Re: Indigenous folks protect environment?

Janet Gillis (jgillis@NOVA.UMD.EDU)
Mon, 19 Sep 1994 09:19:57 -0400

On Sat, 17 Sep 1994, Rob Quinlan wrote:

> In the last week or so I've seen several postings which seem to take as a
> foregone conclusion that indigenous people know how to take care of their
> environment. To me this notion sounds like Rousseauean, hogwash. If
> indigenous peoples environments are less messed-up than our own, then I suggest
> it's because there are just less of them.
> Since when has swiddening been an environmentally sensitive approach?
> Is anyone interested in talking about this?
> RQ

I agree with your statement (and Rousseau makes me shiver). I believe
a people dependent on their immediate environment have to be more
*aware* of their immediate environment, because they function within its
confines. But if this same group of people lives off the resources of a
specific area without taking major steps to replenish those resources
(or to allow the resources to replenish themselves), how can they help but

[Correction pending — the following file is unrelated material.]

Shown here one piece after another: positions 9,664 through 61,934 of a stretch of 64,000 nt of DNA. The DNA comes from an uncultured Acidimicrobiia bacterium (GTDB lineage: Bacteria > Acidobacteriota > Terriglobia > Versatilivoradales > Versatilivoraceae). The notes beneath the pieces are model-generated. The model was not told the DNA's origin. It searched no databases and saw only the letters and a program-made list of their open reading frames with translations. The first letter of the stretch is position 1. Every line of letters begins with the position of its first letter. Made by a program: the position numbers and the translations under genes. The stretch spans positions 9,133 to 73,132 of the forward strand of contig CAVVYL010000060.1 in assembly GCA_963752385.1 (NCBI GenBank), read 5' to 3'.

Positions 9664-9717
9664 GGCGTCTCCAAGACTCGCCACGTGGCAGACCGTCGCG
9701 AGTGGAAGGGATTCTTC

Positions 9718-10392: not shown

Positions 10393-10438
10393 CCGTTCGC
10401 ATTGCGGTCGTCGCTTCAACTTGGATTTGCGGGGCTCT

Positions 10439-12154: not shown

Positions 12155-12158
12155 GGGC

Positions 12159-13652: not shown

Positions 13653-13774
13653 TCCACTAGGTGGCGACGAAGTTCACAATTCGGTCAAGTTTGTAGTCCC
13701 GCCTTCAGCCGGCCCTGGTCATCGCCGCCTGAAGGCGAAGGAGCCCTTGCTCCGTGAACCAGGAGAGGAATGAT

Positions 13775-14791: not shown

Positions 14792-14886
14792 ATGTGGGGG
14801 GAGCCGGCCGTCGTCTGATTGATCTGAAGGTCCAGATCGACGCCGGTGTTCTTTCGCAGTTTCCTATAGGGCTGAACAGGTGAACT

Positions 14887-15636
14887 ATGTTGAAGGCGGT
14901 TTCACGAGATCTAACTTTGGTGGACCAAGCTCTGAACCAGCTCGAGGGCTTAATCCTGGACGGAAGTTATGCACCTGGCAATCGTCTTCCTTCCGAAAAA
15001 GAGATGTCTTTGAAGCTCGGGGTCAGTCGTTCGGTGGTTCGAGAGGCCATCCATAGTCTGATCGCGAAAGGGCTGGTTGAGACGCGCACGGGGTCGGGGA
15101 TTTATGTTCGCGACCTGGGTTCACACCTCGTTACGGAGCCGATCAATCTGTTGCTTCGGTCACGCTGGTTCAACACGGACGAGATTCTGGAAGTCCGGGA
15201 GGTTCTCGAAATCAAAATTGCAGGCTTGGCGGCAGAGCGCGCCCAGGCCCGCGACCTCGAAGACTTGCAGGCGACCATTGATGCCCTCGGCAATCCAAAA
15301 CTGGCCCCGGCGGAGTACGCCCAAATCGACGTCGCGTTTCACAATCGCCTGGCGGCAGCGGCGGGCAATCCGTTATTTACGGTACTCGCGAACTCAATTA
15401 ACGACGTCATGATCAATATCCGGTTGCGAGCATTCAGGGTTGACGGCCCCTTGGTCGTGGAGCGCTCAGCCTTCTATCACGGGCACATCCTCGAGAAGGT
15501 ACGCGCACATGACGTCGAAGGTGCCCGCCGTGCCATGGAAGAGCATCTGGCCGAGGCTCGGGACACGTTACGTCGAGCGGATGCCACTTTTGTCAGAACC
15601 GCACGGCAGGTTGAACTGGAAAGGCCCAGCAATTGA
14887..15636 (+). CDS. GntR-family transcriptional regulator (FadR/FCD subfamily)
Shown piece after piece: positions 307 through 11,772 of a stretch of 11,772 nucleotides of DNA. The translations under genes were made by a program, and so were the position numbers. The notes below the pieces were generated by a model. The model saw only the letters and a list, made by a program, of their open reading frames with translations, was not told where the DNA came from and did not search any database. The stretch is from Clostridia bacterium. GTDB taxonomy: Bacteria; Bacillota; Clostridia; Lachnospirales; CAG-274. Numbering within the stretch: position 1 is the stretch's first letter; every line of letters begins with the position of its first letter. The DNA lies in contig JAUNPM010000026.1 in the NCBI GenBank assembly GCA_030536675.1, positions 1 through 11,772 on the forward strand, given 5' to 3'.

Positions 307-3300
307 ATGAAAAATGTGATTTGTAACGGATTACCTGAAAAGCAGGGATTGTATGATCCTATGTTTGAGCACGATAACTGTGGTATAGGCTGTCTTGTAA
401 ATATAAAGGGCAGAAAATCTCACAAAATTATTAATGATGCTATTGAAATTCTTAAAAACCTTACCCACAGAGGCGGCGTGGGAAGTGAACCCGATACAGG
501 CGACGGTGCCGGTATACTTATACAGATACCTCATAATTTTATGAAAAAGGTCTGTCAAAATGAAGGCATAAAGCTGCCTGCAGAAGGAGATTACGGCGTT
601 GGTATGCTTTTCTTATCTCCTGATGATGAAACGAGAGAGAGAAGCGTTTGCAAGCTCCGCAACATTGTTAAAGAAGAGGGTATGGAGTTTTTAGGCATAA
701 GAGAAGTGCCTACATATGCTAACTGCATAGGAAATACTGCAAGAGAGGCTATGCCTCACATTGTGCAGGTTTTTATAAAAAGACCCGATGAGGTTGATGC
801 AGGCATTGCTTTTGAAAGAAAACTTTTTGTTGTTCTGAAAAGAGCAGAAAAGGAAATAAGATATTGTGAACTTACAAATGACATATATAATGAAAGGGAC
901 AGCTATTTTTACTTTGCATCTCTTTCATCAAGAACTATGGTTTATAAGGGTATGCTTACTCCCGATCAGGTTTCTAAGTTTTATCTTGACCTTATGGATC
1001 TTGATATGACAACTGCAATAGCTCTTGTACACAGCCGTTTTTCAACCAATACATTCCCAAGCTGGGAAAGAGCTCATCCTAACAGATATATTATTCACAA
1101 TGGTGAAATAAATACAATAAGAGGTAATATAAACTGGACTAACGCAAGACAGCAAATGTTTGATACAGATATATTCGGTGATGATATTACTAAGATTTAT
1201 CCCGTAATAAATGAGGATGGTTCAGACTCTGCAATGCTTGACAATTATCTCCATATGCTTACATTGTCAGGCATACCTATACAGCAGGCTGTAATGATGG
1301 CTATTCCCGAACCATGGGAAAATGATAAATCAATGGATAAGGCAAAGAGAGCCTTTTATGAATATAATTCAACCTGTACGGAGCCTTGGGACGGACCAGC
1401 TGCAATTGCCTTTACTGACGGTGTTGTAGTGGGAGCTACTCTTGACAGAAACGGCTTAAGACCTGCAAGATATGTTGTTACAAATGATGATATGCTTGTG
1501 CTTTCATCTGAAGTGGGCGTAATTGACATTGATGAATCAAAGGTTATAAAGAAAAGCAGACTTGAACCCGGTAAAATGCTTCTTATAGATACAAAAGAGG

deplete their life-support system? Then is it not just "a matter of time"?

Has anyone done research on the mortality rate of an indigenous people as
related to the rate of destruction of their homeland (specifically in
the Americas and Asia)? It seems obvious to me that a longer lifespan would
be more destructive to the environment, but maybe I'm off here.

Also, it seems that true "environmentalists" would, as their population
increased, take greater steps to preserve/enhance their support system.
Has any native people been known to do this? (And belated steps don't
count -- for instance, Americans growing vegetables in space!);)

Thanks for any information.